The Physignathus cocincinus or the Chinese water dragon is also called by other names that include Asian water dragon and Green water dragon. Native to the Asian continent, this reptile is a sub-species of the Physignathus lesueurii, which is mainly found in Australia. Its life span varies from ten to twenty years.
When it comes to size, adult males reach lengths of about 3 feet including the tail, and the females tend to be smaller, reaching lengths of about 2 feet. A major portion of the overall length is made up of the tail.
This reptile is generally green in color, but can range from a darker to a lighter shade. It has vertical slanted stripes of either turquoise or green on its body.
The belly is usually white or pale-yellow in color and its distinguishing feature is the throat that is very colorful, ranging from yellow to orange to peach. The tail is long and narrow and has green and brown bands.
It is generally used as a powerful weapon by the dragon to defend itself. In comparison, adult males have larger heads than adult females, and have larger crests on the backs of their head and neck.
This dragon makes a very good pet. If you are planning on keeping one, here are some tips to help you care for it.
This reptile needs a big enclosure. The smallest-sized enclosure you can get for an adult is one that is 6 feet in length, 3 feet in depth, and about 6 feet in height. Remember that it will have to be custom-made and is going to be expensive.
Until and unless you find out what your dragon's gender is, it would be better to keep only one. A male and a female will generally get along, but two females or two males will always display aggression unless they are given a lot of space.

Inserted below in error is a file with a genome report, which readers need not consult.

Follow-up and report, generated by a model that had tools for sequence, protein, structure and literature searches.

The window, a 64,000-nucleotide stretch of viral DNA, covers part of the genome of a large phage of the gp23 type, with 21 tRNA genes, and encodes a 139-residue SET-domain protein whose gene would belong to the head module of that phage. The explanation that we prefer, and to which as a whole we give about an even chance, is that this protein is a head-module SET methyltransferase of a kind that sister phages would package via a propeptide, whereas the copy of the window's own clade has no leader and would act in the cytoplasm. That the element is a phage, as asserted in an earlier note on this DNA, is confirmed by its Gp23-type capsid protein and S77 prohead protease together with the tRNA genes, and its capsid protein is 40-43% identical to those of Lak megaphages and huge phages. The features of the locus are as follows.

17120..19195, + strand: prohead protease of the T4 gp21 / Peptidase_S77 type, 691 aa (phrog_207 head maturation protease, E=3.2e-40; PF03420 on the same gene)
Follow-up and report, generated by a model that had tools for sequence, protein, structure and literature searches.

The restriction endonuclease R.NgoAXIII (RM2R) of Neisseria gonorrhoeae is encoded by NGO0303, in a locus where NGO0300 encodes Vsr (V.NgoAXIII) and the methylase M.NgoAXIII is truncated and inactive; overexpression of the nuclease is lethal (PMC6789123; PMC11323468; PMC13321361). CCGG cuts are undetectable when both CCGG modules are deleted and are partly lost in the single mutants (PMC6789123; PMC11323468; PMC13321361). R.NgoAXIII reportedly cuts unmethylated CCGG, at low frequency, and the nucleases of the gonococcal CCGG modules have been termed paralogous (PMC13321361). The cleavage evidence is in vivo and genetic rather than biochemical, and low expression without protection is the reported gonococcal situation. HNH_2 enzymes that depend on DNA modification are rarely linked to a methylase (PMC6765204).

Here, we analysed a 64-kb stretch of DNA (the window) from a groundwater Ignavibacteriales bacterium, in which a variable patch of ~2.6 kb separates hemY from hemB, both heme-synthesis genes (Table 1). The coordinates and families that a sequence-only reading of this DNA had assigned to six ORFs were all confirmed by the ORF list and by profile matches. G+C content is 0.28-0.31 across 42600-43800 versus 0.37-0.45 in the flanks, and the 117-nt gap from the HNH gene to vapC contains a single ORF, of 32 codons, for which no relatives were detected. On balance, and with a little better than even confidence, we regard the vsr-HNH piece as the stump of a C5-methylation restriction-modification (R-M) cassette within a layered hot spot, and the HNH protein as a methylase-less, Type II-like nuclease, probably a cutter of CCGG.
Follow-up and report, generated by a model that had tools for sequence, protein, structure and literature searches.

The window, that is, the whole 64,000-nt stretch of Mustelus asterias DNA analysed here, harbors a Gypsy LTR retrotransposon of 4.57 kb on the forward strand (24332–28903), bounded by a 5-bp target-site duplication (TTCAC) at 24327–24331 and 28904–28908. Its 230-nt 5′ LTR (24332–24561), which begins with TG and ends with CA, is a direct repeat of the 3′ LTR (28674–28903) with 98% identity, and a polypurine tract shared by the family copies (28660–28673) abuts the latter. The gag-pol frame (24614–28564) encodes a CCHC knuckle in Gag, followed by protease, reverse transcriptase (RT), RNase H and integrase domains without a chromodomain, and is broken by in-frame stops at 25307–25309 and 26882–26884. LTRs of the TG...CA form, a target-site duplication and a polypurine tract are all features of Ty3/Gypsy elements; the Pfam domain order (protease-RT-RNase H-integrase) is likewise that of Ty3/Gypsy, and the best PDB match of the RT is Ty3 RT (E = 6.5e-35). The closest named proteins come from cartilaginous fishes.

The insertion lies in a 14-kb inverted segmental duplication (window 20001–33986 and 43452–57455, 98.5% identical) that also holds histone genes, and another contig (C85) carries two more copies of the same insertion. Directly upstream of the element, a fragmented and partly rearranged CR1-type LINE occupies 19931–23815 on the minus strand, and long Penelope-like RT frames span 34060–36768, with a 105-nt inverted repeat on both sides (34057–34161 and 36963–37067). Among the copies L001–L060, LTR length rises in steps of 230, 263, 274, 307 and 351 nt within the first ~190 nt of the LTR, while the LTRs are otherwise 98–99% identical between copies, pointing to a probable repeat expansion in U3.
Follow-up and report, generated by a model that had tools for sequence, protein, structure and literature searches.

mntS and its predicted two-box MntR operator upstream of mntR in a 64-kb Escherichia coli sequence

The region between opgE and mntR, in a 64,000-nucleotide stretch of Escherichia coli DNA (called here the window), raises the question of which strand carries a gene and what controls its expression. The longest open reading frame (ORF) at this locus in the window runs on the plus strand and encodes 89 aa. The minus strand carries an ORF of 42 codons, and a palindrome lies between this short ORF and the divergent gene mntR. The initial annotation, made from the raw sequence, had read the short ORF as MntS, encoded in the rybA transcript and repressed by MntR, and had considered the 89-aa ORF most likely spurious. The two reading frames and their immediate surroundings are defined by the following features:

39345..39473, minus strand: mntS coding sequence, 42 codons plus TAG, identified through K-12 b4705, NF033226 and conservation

Furnishing the Enclosure
For safety purpose, choose furnishings that won't cause any damage if ingested. Potting soils should be sterilized and covered with sphagnum moss, which is good for humidity.
A good mix of soil, peat, sand, cypress mulch, paper, and Astroturf is also good. Lots of branches should be put in for climbing purposes. Plants like hibiscus, pothos, staghorn ferns, dracena, and ficus also make good additions.
Water and Humidity
This animal needs a lot of water. The water source should be deep and large, so that the dragon can comfortably submerge itself in it. Clean the water on a daily basis. Humidity should be kept at around 80 percent and the enclosure needs to be misted at least once or twice daily. Live potted plants will help with the humidity.
Lighting and Heat
Ideally, daytime temperature should be kept somewhere between 84 - 88 degrees F, with a spot for basking at 90 degrees F. The night temperatures should be dropped to 75 - 80 degrees F. A combination of a ceramic heat element, basking light, under tank heat tape, and heat pads should be used. A UVA/UVB fluorescent lighting fixture can also be used.
You can feed your dragon anything from mealworms, earthworms, butter worms, and wax worms, to crickets, grasshoppers, and locusts. An adult can be fed kingworms and pinkie mice. All insects should first be gut loaded. It is best to discourage your dragon from catching wild insects and fireflies as they are all potentially-toxic.
A small amount of chopped fruits and vegetables can be offered. Try dandelion, mustard greens, collards, parsnips, carrots, sweet potato, and yellow or orange squash. Fruits should be fed in smaller quantities than vegetables. Strawberries, mangoes, figs, raspberries, cantaloupe, and papayas are ideal.
Juveniles and hatchlings have to be fed daily, and adults can be fed every second or third day. The best way to figure out how much to feed your pet is to analyze its body condition - chubby dragons should be fed less while the skinnier ones should be fed more. Calcium and vitamin D3 supplements are also good for maintaining health.